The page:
Herbalists call for legal remedy to protect traditional medicines

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MEDICAL herbalists say their profession is under threat and they will no longer be able to prescribe traditional remedies such as St John's Wort unless urgent action is taken by the UK government to regulate the sector.

At a demonstration outside the Scottish Parliament yesterday, they said changes to European Union rules from April 2011 will mean all herbal medicinal products must be licensed and prescribed only by "authorised health professionals".

The herbalists said that without statutory regulation they will be unable to provide patients with medicines made by third-party manufacturers and that without access to the full range of medicines and prescription services, they could face closure.

A Department of Health public consultation on the statutory regulation of medical herbalists, acupuncturists and other practitioners of traditional medicine ends on Monday.

Fiona Morris, a medical herbalist and event co-ordinator of Save Our Herbs Scotland, said: "We urge people to support the regulation of practitioners in this consultation and to respond to the government's request for comment.

"We want herbal medicines to be freely available, but at the moment anyone can set up as a herbalist and prescribe. With statutory regulation, herbalists will have far greater responsibility for their actions."

Dee Atkinson, owner of Napiers, the UK's largest herbalist, said: "This is a big public safety issue. It is unusual to want to be regulated, but it something we've been working towards for ten years.

"We want to be regulated by the Health Professions Council and they want to regulate us. This would give us professional status and a code of ethics."

Ms Atkinson added: "We see about 22,000 patients a year and one in four people visit herbalists. Herbal medicine is highly popular in Scotland with Napier University offering a degree course and the Scottish School of Herbal Medicine also offering training courses."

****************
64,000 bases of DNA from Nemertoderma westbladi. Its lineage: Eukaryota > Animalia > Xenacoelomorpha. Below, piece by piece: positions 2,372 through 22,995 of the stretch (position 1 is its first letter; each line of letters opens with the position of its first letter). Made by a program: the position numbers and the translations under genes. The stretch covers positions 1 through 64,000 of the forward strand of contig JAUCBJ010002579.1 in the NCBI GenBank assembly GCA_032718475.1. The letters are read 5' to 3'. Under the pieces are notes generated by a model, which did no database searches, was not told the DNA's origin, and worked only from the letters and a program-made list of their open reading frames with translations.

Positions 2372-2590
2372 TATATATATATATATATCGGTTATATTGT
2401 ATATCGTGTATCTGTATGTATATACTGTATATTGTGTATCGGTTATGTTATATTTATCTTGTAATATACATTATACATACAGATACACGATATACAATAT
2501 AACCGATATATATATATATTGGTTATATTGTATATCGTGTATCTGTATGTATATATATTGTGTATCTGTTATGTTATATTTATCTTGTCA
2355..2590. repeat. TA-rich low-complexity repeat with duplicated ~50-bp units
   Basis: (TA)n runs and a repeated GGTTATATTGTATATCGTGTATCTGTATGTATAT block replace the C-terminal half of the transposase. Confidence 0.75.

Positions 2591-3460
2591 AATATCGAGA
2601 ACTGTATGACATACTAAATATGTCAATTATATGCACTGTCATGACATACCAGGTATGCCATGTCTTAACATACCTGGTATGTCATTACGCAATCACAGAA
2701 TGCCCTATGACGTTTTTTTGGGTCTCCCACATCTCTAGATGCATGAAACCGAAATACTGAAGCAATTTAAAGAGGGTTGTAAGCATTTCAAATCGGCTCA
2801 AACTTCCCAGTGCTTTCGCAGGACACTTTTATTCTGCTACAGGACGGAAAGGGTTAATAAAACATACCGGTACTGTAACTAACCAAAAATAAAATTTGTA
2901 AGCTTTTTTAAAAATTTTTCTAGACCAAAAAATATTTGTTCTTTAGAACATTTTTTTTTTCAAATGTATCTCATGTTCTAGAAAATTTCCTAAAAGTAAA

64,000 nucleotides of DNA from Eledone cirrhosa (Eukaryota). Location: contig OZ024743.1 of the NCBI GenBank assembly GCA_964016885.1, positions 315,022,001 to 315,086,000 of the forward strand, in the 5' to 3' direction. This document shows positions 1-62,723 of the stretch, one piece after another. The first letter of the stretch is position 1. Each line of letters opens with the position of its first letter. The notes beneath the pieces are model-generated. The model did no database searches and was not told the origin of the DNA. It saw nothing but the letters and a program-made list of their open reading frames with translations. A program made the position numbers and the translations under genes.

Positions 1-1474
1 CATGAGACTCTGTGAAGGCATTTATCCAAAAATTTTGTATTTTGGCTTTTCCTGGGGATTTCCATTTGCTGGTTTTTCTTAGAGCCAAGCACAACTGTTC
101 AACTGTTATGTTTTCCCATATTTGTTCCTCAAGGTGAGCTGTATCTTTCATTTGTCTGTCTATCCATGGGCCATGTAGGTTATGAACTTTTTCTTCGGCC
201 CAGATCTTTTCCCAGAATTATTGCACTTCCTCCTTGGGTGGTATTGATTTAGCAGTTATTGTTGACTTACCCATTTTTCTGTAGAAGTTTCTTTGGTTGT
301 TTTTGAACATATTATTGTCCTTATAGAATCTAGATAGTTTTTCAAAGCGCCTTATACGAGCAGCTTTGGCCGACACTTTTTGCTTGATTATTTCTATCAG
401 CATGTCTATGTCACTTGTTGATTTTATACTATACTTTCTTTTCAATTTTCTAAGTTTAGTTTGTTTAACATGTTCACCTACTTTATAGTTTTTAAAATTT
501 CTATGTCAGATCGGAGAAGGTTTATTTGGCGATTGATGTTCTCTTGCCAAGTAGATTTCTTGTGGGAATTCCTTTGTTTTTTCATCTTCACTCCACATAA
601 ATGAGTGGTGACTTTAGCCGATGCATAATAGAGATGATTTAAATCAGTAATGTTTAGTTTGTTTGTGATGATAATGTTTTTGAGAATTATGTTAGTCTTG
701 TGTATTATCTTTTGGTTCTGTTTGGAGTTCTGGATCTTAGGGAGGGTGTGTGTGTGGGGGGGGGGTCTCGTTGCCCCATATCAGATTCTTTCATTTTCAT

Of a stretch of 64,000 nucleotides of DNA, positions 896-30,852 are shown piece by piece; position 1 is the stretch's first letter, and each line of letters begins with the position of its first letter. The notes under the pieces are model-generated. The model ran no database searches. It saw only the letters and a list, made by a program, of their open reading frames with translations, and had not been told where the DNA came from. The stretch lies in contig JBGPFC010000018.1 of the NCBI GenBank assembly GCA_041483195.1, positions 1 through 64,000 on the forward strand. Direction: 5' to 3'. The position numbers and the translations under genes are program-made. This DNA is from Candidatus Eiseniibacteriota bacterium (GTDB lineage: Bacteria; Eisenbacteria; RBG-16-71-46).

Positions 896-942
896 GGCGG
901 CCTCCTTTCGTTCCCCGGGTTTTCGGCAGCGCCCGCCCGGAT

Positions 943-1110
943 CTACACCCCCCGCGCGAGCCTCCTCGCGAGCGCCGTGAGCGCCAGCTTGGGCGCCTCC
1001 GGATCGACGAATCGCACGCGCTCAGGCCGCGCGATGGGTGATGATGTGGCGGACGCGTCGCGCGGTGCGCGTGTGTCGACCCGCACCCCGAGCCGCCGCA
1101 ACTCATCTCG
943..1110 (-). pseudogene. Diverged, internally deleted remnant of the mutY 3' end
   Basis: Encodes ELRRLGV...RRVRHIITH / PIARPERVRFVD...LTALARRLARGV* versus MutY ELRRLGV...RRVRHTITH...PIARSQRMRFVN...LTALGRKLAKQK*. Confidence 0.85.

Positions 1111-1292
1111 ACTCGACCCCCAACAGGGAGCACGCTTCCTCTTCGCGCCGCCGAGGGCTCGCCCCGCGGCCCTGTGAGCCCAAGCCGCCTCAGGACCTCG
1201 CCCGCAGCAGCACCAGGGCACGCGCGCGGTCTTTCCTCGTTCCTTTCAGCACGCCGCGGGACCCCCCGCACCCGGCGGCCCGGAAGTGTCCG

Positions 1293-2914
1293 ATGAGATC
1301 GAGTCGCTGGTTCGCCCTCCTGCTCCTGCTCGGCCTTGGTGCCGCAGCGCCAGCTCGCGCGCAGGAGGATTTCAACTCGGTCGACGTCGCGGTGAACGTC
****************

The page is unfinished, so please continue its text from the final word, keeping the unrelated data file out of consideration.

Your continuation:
Mike Pringle, the Lib Dem depute justice spokesman, offered his support, saying:

"We should have more choice and opportunity to access what we believe to be appropriate medicine and not just be stuffed full of pills prescribed by GPs."

A spokesman for the National Institute of Medicinal Herbalists, said only statutory legislation would allow the public to identify qualified practitioners and maintain the full availability of a full range of herbal medicines in herbal practice.


SOME of the herbs which can only be prescribed by GPs after April 2011 unless herbalists gain statutory regulation:


Used to treat depression. Last year scientists said it was as effective as Prozac but with fewer side effects. However, it should not be taken by patients already taking blood thinners or anti-depressants as it can bring on strokes.


Used to treat colds, fevers and shortness of breath. Has sedative and tranquillising properties and is most widely prescribed for insomnia.


Often prescribed as a liver tonic, particularly for hepatitis. It blocks the entry of toxic substances into the liver's cells.


Used to calm irritated red skin. Also given for digestive problems, asthma and bronchial conditions and is used as an anti-inflammatory.